approach, which
relies on the properties of the perturbed system once transients have died away
and a ``steady state" situation has been established. In this paper, we have
limited our considerations to normally incident waves; in fact, the
transversality of gravitational radiation makes it possible to set $z = 0$ for
normally incident waves. We wish to note here that essentially the same results
can be obtained for a more general incident radiation field.
Consider, for instance, the superposition of a left circularly polarized (LCP)
wave of frequency $\Omega$ traveling along the $z$-axis with a linearly
polarized wave of frequency $\Omega$ traveling along the $x$-axis.
Specifically, let $\chi_{ij}$ be of the form
\begin{equation}\label{chi2matrix}
{\bf \chi}(t,{\bf 0}) = \left( \begin{array}{ccc}
\cos{\Omega t} & -\sin{\Omega t} & 0 \\
-\sin{\Omega t} & 3 \cos{\Omega t} & 0 \\
0 & 0 & -4\cos{\Omega t}
\end{array} \right)
\end{equation}
up to a constant factor. It follows from (\ref{kijeq2}) that the corresponding
${\bf{\cal K}}$ is of the form
\begin{equation}
{\bf{\cal K}} = \frac{1}{2} \Omega^2 {\bf \chi}(t,{\bf 0}),
\end{equation}
so that the equation of motion (\ref{BasicEq1}) along the $z$-direction is given
by
\begin{equation} \frac{d^2z}{dt^2} + \frac{kz}{r^3} - 2\epsilon \Omega^2 z
\cos{\Omega t} = 0.
\end{equation}
This equation is satisfied by $z = 0$, which is consistent with the fact that
the orbit is always in the $(x, y)$-plane. Therefore, to the incident radiation
field in (\ref{chimatrix}) one could add radiation fields of the type given by
(\ref{chi2matrix}). Moreover, upon transformation to the rotating frame
\begin{equation}
{\bf{\cal K}}' = {\it R}^{-1}{\bf{\cal K}}{\it R}= \frac{1}{2}\Omega^2 \left(
\begin{array}{ccc}
\cos{\Omega t} & \sin{\Omega t} & 0 \\
\sin{\Omega t} & 3\cos{\Omega t} & 0 \\
0 & 0 & -4\cos{\Omega t}
\end{array} \right),
\end{equation}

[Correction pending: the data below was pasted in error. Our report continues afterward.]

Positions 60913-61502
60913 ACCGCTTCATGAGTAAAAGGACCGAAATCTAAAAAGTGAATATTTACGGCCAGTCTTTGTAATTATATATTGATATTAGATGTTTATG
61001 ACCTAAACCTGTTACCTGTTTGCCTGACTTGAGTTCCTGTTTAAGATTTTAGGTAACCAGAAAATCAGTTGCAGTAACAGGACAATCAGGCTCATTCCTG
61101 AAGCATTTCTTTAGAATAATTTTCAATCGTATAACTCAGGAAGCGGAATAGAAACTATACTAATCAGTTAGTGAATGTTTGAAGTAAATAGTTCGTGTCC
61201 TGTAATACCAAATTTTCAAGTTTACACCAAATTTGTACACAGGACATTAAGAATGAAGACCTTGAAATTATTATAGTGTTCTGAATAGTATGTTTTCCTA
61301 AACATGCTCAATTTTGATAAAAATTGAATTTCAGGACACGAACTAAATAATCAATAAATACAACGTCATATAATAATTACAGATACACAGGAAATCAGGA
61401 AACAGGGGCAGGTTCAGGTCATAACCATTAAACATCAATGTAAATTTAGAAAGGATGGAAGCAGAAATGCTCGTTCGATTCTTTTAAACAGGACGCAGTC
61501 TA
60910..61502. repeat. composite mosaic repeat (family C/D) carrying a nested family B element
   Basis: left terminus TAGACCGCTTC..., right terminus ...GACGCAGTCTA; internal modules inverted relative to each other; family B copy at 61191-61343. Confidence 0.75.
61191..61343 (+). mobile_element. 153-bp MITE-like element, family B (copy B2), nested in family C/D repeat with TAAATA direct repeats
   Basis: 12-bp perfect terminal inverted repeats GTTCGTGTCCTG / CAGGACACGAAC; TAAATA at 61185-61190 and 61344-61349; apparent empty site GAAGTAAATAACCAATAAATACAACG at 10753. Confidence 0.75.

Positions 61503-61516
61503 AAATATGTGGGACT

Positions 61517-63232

where
\begin{equation}
{\it R} = \left(
\begin{array}{ccc}
\cos{\Omega t} & -\sin{\Omega t} & 0 \\
\sin{\Omega t} & \cos{\Omega t} & 0 \\
0 & 0 & 1
\end{array} \right)
\end{equation}
is the rotation matrix used in Section~\ref{nesec}.
It is remarkable that the tidal
matrix ${\bf{\cal K}}'$ in the rotating frame has the same frequency $\Omega$ as
in the inertial frame; in fact,
${\bf{\cal K}}'$ can be obtained from ${\bf{\cal
K}}$ simply by letting $\Omega \rightarrow -\Omega$.
\begin{references}
\bibitem{cmr} C. Chicone, B. Mashhoon and D. G. Retzloff, {\it Gravitational
ionization: periodic orbits of binary systems perturbed by gravitational
radiation}, Annales de l'Institut Henri Poincar\'{e}, Physique Th\'{e}orique,
{\bf 64}, 87-125 (1996).
\bibitem{ccc} C.~Chicone,
{\it A geometric approach to regular perturbation
theory with an application to hydrodynamics},
Trans.\ AMS, {\bf 347}, 4559-4598 (1995).
\bibitem{mashoon1} B. Mashhoon, {\it Tidal radiation}, Astrophys.\ J.,
{\bf 216}, 591-609 (1977).
\bibitem{mashoon2} B. Mashhoon, {\it On tidal
resonance}, Astrophys.\ J., {\bf 223}, 285-298 (1978).
\bibitem{hulse} R. A. Hulse and J. H. Taylor, {\it Discovery of a pulsar in a
binary system}, Astrophys.\ J., {\bf 195}, L51-53 (1975).
\bibitem{taylor} J. H. Taylor, A. Wolszczan, T. Damour and J. M. Weisberg, {\it
Experimental constraints on strong-field relativistic gravity}, Nature, {\bf
355}, 132-136 (1992).
\bibitem{Kov} J.~Kovalevsky,
{\it Introduction to Celestial Mechanics,}
Astrophysics and Space Science Library,
Vol.~ 7, Springer-Verlag, 1967.
\bibitem{poincare} H. Poincar\'{e}, {\it Les M\'{e}thodes Nouvelles de la